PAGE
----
Now showing items 1-6 of 6

    • Cross-Cultural Sex Differences in Post-Conflict Affiliation following Sports Matches 

      Benenson, Joyce Frances; Wrangham, Richard W. (Elsevier BV, 2016)
      The nature of ancestral human social structure and the circumstances in which men or women tend to be more cooperative are subjects of intense debate. The male warrior hypothesis proposes that success in intergroup contests ...
    • Do Young Children Understand Relative Value Comparisons? 

      Benenson, Joyce F.; Markovits, Henry; Whitmore, Bjorn; Van, Christophe; Margolius, Sara; Wrangham, Richard W. (Public Library of Science, 2015)
      Many forms of judgments, such as those used in economic games or measures of social comparison, require understanding relative value, as well as the more complex ability to make comparisons between relative values. To ...
    • Male more than female infants imitate propulsive motion 

      Benenson, Joyce Frances; Tennyson, Robert; Wrangham, Richard W. (Elsevier, 2011)
      Few experimental studies investigate the mechanisms by which young children develop sex-typed activity preferences. Gender self-labeling followed by selective imitation of same-sex models currently is considered a primary ...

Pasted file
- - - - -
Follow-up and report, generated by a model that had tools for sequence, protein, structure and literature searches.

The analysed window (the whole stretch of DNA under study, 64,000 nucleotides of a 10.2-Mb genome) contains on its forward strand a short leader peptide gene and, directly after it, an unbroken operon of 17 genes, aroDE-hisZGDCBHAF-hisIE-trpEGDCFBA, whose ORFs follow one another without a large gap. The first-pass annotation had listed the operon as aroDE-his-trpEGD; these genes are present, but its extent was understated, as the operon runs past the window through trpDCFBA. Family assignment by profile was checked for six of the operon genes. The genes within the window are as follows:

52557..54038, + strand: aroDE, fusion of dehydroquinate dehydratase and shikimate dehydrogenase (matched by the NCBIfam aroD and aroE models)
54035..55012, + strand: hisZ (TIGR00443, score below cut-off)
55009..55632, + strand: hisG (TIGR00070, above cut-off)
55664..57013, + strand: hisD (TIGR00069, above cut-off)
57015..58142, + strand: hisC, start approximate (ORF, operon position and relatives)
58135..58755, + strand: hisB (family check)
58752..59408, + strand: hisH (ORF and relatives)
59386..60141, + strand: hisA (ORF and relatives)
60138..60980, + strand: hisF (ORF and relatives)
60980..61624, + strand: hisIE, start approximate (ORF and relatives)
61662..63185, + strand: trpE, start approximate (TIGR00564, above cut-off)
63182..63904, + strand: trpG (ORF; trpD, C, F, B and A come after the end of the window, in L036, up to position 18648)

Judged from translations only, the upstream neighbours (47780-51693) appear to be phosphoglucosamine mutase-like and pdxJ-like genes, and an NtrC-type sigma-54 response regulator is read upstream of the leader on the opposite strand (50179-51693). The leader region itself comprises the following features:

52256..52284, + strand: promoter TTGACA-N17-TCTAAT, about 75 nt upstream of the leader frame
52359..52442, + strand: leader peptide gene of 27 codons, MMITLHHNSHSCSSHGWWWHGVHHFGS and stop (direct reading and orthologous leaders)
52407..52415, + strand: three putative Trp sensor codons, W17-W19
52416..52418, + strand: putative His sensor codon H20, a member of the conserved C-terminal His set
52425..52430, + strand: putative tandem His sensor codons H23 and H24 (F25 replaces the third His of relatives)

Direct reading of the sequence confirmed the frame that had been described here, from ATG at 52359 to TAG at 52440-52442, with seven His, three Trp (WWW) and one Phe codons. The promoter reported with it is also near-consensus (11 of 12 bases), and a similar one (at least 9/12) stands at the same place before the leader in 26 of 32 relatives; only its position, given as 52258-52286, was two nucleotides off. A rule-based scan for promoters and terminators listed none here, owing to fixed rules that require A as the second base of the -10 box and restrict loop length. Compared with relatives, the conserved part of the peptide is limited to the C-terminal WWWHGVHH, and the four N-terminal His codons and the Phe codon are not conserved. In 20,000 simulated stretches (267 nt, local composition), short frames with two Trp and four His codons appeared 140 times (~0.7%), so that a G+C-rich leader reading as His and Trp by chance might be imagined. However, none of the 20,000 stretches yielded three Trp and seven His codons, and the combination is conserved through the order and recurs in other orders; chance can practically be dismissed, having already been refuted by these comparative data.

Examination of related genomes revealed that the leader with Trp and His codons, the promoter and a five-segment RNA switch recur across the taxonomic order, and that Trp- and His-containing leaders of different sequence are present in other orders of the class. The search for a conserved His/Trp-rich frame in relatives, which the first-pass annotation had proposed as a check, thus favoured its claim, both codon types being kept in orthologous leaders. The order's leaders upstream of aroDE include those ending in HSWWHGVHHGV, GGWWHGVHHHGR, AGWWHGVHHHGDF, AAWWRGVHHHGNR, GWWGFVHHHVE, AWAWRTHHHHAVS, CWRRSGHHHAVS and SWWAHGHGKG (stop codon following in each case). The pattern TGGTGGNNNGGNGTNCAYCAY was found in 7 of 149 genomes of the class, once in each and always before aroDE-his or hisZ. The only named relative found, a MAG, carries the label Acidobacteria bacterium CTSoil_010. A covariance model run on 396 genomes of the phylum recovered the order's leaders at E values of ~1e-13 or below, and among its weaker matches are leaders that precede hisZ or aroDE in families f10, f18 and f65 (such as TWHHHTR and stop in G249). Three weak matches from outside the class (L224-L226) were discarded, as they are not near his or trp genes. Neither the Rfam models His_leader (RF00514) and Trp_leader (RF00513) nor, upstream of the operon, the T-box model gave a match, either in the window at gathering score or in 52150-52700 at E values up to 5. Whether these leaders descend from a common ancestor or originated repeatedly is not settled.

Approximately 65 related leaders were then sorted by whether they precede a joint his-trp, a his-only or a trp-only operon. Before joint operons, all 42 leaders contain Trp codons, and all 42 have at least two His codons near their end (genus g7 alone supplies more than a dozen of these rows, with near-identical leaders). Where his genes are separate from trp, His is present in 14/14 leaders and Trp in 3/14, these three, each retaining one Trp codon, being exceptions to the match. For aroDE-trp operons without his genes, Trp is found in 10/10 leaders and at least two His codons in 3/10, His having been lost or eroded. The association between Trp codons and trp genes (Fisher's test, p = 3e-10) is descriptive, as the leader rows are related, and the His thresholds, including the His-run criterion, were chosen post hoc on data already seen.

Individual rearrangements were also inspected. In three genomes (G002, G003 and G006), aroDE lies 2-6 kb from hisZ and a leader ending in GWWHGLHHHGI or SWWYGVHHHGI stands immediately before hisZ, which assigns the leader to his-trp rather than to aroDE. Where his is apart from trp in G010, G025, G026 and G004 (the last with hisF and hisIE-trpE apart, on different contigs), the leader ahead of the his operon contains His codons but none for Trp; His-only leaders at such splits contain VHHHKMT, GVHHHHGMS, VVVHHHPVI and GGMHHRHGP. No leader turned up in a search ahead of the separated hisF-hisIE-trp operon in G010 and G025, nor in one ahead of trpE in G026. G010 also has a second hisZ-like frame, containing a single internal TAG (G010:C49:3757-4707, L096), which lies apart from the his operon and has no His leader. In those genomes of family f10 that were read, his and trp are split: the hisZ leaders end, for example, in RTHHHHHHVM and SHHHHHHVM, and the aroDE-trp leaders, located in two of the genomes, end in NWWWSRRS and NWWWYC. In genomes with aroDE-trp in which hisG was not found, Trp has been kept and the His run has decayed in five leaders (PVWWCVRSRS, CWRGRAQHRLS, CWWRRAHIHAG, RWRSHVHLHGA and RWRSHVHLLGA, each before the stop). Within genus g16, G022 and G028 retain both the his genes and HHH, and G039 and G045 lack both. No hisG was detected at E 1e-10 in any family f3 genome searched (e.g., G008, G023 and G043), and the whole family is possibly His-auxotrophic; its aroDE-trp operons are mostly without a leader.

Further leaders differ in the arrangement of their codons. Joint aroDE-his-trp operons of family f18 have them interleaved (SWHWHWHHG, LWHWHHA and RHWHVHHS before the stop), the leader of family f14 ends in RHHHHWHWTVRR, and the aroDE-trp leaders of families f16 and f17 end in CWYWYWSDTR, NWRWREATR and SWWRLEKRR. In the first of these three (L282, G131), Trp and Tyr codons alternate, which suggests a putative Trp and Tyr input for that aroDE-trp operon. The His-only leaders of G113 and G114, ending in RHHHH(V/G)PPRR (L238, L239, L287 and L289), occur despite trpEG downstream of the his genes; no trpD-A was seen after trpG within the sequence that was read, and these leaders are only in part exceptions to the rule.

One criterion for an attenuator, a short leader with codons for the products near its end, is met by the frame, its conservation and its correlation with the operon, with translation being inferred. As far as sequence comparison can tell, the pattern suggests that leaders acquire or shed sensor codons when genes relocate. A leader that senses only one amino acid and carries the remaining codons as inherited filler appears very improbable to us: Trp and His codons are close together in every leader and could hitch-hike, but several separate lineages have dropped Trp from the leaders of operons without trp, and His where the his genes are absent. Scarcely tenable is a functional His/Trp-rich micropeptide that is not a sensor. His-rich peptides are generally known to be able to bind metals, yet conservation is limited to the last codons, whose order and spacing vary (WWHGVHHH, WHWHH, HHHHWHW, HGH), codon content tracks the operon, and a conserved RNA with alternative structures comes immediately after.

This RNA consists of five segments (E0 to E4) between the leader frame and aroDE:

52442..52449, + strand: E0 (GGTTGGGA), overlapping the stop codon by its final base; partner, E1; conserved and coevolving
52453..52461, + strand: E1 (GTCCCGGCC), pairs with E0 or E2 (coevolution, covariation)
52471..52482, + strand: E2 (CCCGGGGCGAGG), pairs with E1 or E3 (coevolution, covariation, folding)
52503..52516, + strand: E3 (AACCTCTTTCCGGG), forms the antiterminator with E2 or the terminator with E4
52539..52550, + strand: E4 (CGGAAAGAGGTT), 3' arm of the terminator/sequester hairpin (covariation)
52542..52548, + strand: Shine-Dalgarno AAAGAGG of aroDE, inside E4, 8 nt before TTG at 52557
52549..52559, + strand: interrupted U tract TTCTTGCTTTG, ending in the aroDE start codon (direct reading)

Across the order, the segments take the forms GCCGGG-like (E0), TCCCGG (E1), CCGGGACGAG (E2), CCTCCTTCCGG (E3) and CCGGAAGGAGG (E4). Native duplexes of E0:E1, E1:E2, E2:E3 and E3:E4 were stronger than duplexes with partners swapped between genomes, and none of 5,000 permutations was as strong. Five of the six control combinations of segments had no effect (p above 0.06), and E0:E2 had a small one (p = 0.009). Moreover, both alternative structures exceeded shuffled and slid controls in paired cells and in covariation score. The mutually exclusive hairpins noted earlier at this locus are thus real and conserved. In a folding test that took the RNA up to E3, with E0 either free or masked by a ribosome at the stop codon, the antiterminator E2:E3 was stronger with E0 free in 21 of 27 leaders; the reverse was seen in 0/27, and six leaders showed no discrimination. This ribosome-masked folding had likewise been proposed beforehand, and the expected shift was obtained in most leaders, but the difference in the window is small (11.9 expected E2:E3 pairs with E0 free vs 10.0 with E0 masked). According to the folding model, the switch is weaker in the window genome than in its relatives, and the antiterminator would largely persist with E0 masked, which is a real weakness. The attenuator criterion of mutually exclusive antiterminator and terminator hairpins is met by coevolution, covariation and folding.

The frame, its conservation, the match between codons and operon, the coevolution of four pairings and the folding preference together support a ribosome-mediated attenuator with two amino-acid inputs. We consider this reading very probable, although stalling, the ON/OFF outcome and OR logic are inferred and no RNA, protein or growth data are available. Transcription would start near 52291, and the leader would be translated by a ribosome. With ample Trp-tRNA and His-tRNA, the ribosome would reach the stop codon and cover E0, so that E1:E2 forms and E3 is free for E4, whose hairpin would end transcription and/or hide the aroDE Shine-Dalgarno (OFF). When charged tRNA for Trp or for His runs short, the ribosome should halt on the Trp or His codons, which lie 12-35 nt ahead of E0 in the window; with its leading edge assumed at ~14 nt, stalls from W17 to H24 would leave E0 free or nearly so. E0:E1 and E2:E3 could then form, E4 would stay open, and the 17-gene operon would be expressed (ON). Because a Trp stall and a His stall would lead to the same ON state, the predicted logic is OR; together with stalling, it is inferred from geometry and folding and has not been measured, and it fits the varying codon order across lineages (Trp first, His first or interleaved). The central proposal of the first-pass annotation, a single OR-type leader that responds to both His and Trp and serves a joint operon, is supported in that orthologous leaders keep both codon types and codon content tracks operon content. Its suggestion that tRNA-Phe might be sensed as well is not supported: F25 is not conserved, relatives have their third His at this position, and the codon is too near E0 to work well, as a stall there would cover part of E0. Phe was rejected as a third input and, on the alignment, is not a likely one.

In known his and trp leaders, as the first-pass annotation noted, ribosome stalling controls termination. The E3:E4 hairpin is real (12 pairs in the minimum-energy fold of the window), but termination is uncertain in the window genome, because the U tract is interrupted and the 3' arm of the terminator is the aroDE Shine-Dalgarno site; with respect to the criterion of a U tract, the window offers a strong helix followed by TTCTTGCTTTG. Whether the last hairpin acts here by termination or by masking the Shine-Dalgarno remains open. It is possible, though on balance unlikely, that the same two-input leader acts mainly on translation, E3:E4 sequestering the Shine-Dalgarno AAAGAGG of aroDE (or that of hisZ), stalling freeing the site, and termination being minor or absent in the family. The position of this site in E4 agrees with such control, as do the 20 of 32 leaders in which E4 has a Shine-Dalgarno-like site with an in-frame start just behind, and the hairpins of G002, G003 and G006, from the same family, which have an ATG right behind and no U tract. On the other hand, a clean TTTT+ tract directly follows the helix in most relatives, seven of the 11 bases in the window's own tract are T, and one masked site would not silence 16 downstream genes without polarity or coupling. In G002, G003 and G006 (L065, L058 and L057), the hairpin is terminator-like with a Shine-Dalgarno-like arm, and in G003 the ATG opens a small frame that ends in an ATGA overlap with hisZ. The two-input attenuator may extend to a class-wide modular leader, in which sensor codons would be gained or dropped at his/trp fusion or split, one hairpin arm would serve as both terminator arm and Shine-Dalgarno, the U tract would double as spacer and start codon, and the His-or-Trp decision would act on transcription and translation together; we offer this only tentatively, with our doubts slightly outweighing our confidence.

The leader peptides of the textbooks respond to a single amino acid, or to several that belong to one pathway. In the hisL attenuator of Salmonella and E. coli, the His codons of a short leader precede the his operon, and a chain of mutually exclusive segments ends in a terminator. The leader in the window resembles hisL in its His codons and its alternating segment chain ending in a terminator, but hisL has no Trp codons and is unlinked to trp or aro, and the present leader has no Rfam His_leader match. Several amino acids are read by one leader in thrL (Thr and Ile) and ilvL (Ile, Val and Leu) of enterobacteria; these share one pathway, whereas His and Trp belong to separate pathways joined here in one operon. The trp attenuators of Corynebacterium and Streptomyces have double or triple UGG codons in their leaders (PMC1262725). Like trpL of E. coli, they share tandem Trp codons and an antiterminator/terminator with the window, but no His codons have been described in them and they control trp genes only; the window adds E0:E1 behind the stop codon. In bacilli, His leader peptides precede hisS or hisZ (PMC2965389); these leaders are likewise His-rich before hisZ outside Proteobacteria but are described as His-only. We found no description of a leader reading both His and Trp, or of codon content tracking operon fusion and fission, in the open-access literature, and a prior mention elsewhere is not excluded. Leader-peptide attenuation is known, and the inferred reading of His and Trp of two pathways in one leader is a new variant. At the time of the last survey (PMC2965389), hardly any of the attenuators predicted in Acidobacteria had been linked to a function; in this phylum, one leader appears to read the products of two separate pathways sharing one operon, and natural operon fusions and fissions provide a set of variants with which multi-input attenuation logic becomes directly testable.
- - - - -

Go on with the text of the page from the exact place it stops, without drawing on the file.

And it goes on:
• Males’ Greater Tolerance of Same-Sex Peers 

      Benenson, Joyce Frances; Markovits, Henry; Fitzgerald, Caitlin; Geoffroy, Diana; Flemming, Julianne; Kahlenberg, Sonya Marie; Wrangham, Richard W. (Wiley-Blackwell, 2009)
      Three studies were conducted to examine the often-cited conclusion that human females are more sociable than males. Using perceptions of roommates, roommate changes at three collegiate institutions, and an experimental ...
    • Social Exclusion: More Important to Human Females Than Males 

      Benenson, Joyce Frances; Markovits, Henry; Hultgren, Brittney; Nguyen, Tuyet; Bullock, Grace; Wrangham, Richard W. (Public Library of Science, 2013)
      Theoretical models based on primate evidence suggest that social structure determines the costs and benefits of particular aggressive strategies. In humans, males more than females interact in groups of unrelated same-sex ...
    • Strength Determines Coalitional Strategies in Humans 

      Benenson, Joyce Frances; Markovits, Henry; Emery Thompson, Melissa; Wrangham, Richard W. (Royal Society Publishing, 2009)
      Coalitions enhance survival and reproductive success in many social species, yet they generate contradictory impulses. Whereas a coalition increases the probability of successfully obtaining rewards for its members, it ...